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_csv.Error: string with NUL bytes

P: n/a
Anyone have an idea of what I might do to fix this? I have googled adn
can only find some random conversations about it that doesn't make
sense to me.

I am basically reading in a csv file to create an xml and get this
error.

I don't see any empty values in any fields or anything...

May 3 '07 #1
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9 Replies


P: n/a
fscked wrote:
Anyone have an idea of what I might do to fix this? I have googled adn
can only find some random conversations about it that doesn't make
sense to me.

I am basically reading in a csv file to create an xml and get this
error.

I don't see any empty values in any fields or anything...
You really should post some code and the actual traceback error your
get for us to help. I suspect that you have an ill-formed record in
your CSV file. If you can't control that, you may have to write your
own CSV dialect parser.

-Larry
May 3 '07 #2

P: n/a
On May 3, 9:11 am, Larry Bates <larry.ba...@websafe.comwrote:
fscked wrote:
Anyone have an idea of what I might do to fix this? I have googled adn
can only find some random conversations about it that doesn't make
sense to me.
I am basically reading in a csv file to create an xml and get this
error.
I don't see any empty values in any fields or anything...

You really should post some code and the actual traceback error your
get for us to help. I suspect that you have an ill-formed record in
your CSV file. If you can't control that, you may have to write your
own CSV dialect parser.

-Larry
Certainly, here is the code:

import os,sys
import csv
from elementtree.ElementTree import Element, SubElement, ElementTree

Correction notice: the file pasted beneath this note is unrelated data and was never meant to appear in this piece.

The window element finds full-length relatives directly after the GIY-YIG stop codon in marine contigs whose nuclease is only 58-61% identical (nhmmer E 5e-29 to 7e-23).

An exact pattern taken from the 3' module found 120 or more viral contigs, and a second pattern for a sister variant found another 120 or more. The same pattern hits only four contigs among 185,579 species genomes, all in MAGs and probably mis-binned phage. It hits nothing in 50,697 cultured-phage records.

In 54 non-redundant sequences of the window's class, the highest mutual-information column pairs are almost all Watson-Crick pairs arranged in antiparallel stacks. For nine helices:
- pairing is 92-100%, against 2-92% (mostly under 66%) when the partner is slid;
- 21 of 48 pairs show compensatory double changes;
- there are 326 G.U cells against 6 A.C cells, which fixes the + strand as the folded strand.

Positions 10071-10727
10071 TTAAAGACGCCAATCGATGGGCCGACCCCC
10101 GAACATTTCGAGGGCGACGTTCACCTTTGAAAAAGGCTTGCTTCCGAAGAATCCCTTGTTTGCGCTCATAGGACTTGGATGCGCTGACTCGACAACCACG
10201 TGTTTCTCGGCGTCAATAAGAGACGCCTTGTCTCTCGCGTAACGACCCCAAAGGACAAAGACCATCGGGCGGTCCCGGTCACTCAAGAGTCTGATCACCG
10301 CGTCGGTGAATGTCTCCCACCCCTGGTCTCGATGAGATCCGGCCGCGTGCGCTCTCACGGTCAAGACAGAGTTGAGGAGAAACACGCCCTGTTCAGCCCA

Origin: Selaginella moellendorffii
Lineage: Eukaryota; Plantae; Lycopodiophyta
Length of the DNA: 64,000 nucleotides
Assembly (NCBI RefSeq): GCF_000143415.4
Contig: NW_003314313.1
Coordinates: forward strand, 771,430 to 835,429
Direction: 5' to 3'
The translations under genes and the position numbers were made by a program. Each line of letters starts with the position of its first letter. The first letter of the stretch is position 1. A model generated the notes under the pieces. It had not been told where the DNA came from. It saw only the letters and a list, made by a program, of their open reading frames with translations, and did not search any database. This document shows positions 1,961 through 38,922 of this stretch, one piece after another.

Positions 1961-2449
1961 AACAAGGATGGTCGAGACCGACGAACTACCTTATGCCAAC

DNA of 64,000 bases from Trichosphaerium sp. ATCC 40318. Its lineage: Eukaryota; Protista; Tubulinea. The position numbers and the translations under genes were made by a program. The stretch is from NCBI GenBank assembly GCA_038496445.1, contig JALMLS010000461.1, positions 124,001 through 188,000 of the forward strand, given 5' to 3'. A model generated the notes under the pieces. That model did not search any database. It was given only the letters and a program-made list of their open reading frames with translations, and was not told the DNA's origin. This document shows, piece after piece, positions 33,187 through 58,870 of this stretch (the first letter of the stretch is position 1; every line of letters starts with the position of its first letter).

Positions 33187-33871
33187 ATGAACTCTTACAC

def indent(elem, level=0):
i = "\n" + level*" "
if len(elem):
if not elem.text or not elem.text.strip():
elem.text = i + " "
for elem in elem:
indent(elem, level+1)
if not elem.tail or not elem.tail.strip():
elem.tail = i
else:
if level and (not elem.tail or not elem.tail.strip()):
elem.tail = i

root = Element("{Boxes}boxes")
myfile = open('test.csv', 'rb')
csvreader = csv.reader(myfile)

for boxid, mac, activated, hw_ver, sw_ver, heartbeat, name, address,
phone, country, city, in csvreader:
mainbox = SubElement(root, "{Boxes}box")
mainbox.attrib["city"] = city
mainbox.attrib["country"] = country
mainbox.attrib["phone"] = phone
mainbox.attrib["address"] = address
mainbox.attrib["name"] = name
mainbox.attrib["pl_heartbeat"] = heartbeat
mainbox.attrib["sw_ver"] = sw_ver
mainbox.attrib["hw_ver"] = hw_ver
mainbox.attrib["date_activated"] = activated
mainbox.attrib["mac_address"] = mac
mainbox.attrib["boxid"] = boxid

indent(root)

ElementTree(root).write('test.xml', encoding='UTF-8')

The traceback is as follows:

Traceback (most recent call last):
File "createXMLPackage.py", line 35, in ?
for boxid, mac, activated, hw_ver, sw_ver, heartbeat, name,
address, phone, country, city, in csvreader:
_csv.Error: string with NUL bytes
Exit code: 1 , 0001h

May 3 '07 #3

P: n/a
In <11**********************@o5g2000hsb.googlegroups. com>, fscked wrote:
The traceback is as follows:

Traceback (most recent call last):
File "createXMLPackage.py", line 35, in ?
for boxid, mac, activated, hw_ver, sw_ver, heartbeat, name,
address, phone, country, city, in csvreader:
_csv.Error: string with NUL bytes
Exit code: 1 , 0001h
As Larry said, this most likely means there are null bytes in the CSV file.

Ciao,
Marc 'BlackJack' Rintsch
May 3 '07 #4

P: n/a
On May 3, 9:29 am, Marc 'BlackJack' Rintsch <bj_...@gmx.netwrote:
In <1178209090.674787.202...@o5g2000hsb.googlegroups. com>, fscked wrote:
The traceback is as follows:
Traceback (most recent call last):
File "createXMLPackage.py", line 35, in ?
for boxid, mac, activated, hw_ver, sw_ver, heartbeat, name,
address, phone, country, city, in csvreader:
_csv.Error: string with NUL bytes
Exit code: 1 , 0001h

As Larry said, this most likely means there are null bytes in the CSV file.

Ciao,
Marc 'BlackJack' Rintsch
How would I go about identifying where it is?

May 3 '07 #5

P: n/a
On Thu, May 03, 2007 at 09:57:38AM -0700, fscked wrote:
As Larry said, this most likely means there are null bytes in the CSV file.

Ciao,
Marc 'BlackJack' Rintsch

How would I go about identifying where it is?
A hex editor might be easiest.

You could also use Python:

print open("filewithnuls").read().replace("\0", ">>>NUL<<<")

Dustin
May 3 '07 #6

P: n/a
On May 3, 10:12 am, dus...@v.igoro.us wrote:
On Thu, May 03, 2007 at 09:57:38AM -0700, fscked wrote:
As Larry said, this most likely means there are null bytes in the CSV file.
Ciao,
Marc 'BlackJack' Rintsch
How would I go about identifying where it is?